Team Parley’s Social Media Assignment


One challenging element of the Scavenger Hunt assignment is that it demands having basic knowledge of MacEwan University and its surrounding areas prior to completion. For example, one tweet required me to post a photo or quote of how my school contributes to cutting edge research and/or learning. That particular tweet made me realize I don’t actually know too much about MacEwan’s contributions, though I assume there would be plenty considering it is a university. Another challenge of the assignment would be approaching awkward students who would rather be left alone studying, than answering a question that had suddenly been sprung on them. As a result, I elicited several answers from the unenthused, which I did not include in the final assignment.

Using Twitter to publicize an organization such as MacEwan is effective by the means of it’s reach. With more and more people subscribing to different social media accounts, organizations can promote themselves to their followers (which can easily expand past the local community considering the pervasive condition of the internet). Twitter appeals to those who want a quick update of their subscribed channels, and the 140-character limit allows for just this; followers gain a general understanding of the world around them, without having to read a full 800-word article about it. Also, certain techniques such as posting tweets at peak hours, such as lunchtime or dinnertime, can help expand the reach of the organization’s message.

Public organizations such as the City of Edmonton effectively post updates on local news around the clock–allowing followers to constantly be aware of what’s happening in the city. Not only does the City of Edmonton post promotional tweets regarding upcoming events, but they also update their followers on construction being done in particular areas. MacEwan mimics these posts by keeping students up to date on sporting events, special guest lectures and services provided within the school.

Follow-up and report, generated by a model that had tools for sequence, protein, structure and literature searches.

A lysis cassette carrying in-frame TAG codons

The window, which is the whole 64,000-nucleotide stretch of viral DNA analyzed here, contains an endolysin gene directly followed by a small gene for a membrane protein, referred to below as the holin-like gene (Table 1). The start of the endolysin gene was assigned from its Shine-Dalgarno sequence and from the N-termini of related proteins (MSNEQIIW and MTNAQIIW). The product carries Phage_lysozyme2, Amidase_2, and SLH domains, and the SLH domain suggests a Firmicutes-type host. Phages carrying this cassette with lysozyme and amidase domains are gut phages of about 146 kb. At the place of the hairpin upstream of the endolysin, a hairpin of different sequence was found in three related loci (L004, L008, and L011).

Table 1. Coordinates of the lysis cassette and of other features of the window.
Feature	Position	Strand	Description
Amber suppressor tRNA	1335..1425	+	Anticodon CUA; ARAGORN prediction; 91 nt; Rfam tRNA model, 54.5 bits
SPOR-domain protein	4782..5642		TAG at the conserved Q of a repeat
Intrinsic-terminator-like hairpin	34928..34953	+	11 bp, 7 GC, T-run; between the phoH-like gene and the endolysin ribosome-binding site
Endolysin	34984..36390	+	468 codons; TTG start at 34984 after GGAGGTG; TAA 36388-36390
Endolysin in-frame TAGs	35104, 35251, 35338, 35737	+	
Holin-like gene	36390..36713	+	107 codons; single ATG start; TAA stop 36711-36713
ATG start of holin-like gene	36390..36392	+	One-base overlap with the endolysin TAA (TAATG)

The greatest challenge Pia and I faced was creative inspiration. We wanted to have original and authentic tweets unlike any of our classmates. We realized this was crippling our ability to just dive in, and ended up starting fairly late. Another challenging element of this assignment was creating time to work on it. Being spur of the moment is surprisingly difficult when the media content is for academic purposes rather than personal. I can tweet 15 useless thoughts a day, but including the assignment’s parameters in clever and concise ways proved to be more thought provoking and challenging. I felt more like I was speaking for the entire BCSC 202 class rather than just my own self. It was an interesting exercise in “public” tweeting, as I felt I had greater responsibility and accountability to a community larger than myself and my followers.

Twitter is great in this way, as you can engage in an entire community with the use of a simple hashtag. As part of a communications team, you can take the more stiff academic aspects of our of our school’s online persona and create a more intimate community. Tweets that I noticed within our hashtag that received likes and retweets were ones that gave the sense of inclusion, also inside jokes. Tweets using Prof’s names, landmarks around campus and even tweeting about this assignment had more likes and retweets. By creating a smaller scale sense of community, it creates a more inclusive online conversation that MacEwan specific students can engage in.

Successful tweets from MacEwan this past week (ones with the most retweets and likes) were those based on MacEwan initiatives and calls to action. The pictures and captions play a part too, as the tweets calling on volunteers that also had visually appealing and simplistic images had more popularity than those with “busy” pictures or lengthy captions. This makes sense, as people want the content they retweet to “fit” with their online persona, and mesh nicely on their own pages. School pride tweets also had higher popularity. MacEwan doesn’t delete their tweets, and you can see what content is working and what isn’t. I would improve it by engaging with users more and creating more conversations rather than retweetable content.

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